UK wage growth ‘hugely positive’ for travel, industry told

The “underlying fundamentals” of the UK and world economies are stronger than may appear given “the geopolitical state of the world”, a senior investment banker has assured industry leaders.

Will Hobbs, head of multi-asset wealth at Barclays UK Wealth Management, told the recent Barclays Travel Forum in London: “Generally, we’re fighting pessimism fed by social media and worries about the geopolitical state of the world.”

Yet he suggested “the underlying fundamentals of the global economy, including the UK” don’t warrant such pessimism.

Hobbs described annual wage growth in Britain as “hugely positive” despite inflation, saying: “Real wage growth [in the UK] has not been this positive for a long time.”

Latest Office for National Statistics figures released last week showed annual wage growth excluding bonuses remained at 6% between January and March, the same as for the three months to February.

Hobbs noted “elements of underlying inflation will concern” the Bank of England, but he suggested the Bank could begin to lower interest rates this summer ahead of the US Federal Reserve cutting rates.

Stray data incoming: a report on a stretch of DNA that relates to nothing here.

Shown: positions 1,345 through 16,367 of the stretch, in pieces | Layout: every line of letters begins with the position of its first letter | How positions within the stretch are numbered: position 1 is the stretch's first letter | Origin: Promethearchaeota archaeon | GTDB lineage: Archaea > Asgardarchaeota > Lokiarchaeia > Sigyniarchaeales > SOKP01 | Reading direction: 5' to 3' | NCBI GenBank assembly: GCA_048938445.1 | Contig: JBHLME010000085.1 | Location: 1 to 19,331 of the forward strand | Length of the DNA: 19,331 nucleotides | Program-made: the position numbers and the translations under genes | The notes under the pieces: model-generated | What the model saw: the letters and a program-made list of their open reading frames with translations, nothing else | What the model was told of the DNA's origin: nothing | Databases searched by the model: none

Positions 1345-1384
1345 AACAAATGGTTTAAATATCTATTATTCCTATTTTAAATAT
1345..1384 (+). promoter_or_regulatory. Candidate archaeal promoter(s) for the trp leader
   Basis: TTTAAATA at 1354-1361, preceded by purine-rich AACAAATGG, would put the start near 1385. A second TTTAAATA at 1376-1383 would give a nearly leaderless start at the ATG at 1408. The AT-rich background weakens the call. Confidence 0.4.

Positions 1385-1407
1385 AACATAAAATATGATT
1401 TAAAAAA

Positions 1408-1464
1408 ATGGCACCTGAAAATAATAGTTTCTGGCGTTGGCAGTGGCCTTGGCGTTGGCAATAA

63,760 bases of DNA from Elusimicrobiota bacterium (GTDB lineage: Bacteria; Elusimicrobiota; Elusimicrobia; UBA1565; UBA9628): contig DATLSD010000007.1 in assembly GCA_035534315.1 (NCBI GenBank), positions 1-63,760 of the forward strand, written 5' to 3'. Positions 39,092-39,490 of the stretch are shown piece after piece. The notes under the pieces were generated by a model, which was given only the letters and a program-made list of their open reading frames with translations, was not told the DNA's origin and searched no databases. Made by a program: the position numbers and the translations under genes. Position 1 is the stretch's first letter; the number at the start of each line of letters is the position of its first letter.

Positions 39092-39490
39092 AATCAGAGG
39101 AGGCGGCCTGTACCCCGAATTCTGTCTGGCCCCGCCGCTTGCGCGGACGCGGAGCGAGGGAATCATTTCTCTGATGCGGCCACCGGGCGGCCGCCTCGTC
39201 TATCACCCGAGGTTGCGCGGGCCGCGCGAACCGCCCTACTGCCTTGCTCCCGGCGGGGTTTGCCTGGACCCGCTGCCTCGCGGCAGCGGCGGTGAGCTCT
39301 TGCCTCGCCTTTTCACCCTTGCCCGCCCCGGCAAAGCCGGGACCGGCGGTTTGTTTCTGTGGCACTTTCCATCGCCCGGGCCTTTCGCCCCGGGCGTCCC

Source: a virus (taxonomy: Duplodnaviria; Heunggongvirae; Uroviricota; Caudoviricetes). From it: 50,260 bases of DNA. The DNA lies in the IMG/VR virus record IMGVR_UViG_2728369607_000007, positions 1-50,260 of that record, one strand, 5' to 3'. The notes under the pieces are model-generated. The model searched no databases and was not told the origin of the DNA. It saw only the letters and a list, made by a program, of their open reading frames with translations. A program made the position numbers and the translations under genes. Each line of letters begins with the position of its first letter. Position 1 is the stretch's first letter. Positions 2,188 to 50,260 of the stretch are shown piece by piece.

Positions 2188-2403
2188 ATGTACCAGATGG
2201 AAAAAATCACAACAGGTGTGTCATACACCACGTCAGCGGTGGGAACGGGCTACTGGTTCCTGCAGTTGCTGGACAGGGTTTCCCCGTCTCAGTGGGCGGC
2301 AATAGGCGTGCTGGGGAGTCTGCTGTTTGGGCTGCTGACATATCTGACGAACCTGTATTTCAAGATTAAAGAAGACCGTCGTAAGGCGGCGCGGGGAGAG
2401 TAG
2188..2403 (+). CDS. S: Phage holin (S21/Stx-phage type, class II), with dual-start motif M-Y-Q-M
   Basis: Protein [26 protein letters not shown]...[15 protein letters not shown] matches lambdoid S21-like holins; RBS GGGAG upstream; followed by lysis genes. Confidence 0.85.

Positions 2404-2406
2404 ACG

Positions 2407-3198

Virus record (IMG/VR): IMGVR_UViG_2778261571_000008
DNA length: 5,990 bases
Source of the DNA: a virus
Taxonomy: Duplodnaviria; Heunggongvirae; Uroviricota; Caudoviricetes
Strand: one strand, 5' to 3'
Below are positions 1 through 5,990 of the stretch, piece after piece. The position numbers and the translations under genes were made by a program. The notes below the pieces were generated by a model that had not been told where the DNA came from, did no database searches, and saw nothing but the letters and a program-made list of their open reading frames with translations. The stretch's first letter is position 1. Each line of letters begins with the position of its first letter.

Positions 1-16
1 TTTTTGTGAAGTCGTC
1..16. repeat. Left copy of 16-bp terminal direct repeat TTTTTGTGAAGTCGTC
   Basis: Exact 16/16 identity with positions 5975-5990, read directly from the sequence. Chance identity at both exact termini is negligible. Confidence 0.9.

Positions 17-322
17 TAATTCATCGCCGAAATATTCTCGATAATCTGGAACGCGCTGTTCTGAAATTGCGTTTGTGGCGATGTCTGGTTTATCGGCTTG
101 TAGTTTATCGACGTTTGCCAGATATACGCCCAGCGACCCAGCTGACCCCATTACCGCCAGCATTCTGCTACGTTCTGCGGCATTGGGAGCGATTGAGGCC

The Bank of England monetary policy committee voted to maintain UK bank rate at a 16-year high of 5.25% earlier this month. But Hobbs said: “The Bank will probably go ahead of the Federal Reserve with three or maybe four cuts [in rate] before the end of the year.”

Asked whether this might trigger a fall in the exchange rate of the pound against the dollar – which already makes the US an expensive destination for UK travellers – Hobbs said: “The currency will sink a bit, but the dollar is at an extreme level. The US economy has been motoring. We may see a bit of movement, [but] we shouldn’t be too worried.”

Hobbs also downplayed fears that the UK general election, expected in the autumn, could have a negative impact on the economy.

He said: “At the economic level, I’m not sure it will be that big a deal. The UK is heavily indebted and people lending to government look for orthodoxy and sobriety [whoever wins].”

However, Hobbs warned industry leaders not to expect a return to low interest rates or to the kind of economic growth rates which preceded the global financial crisis of 2008-09.

He argued: “Rates will settle higher. It was the decade prior to the financial crisis that was unusual, [and] I would guard against using the last 10-15 years as a template for what comes next.”

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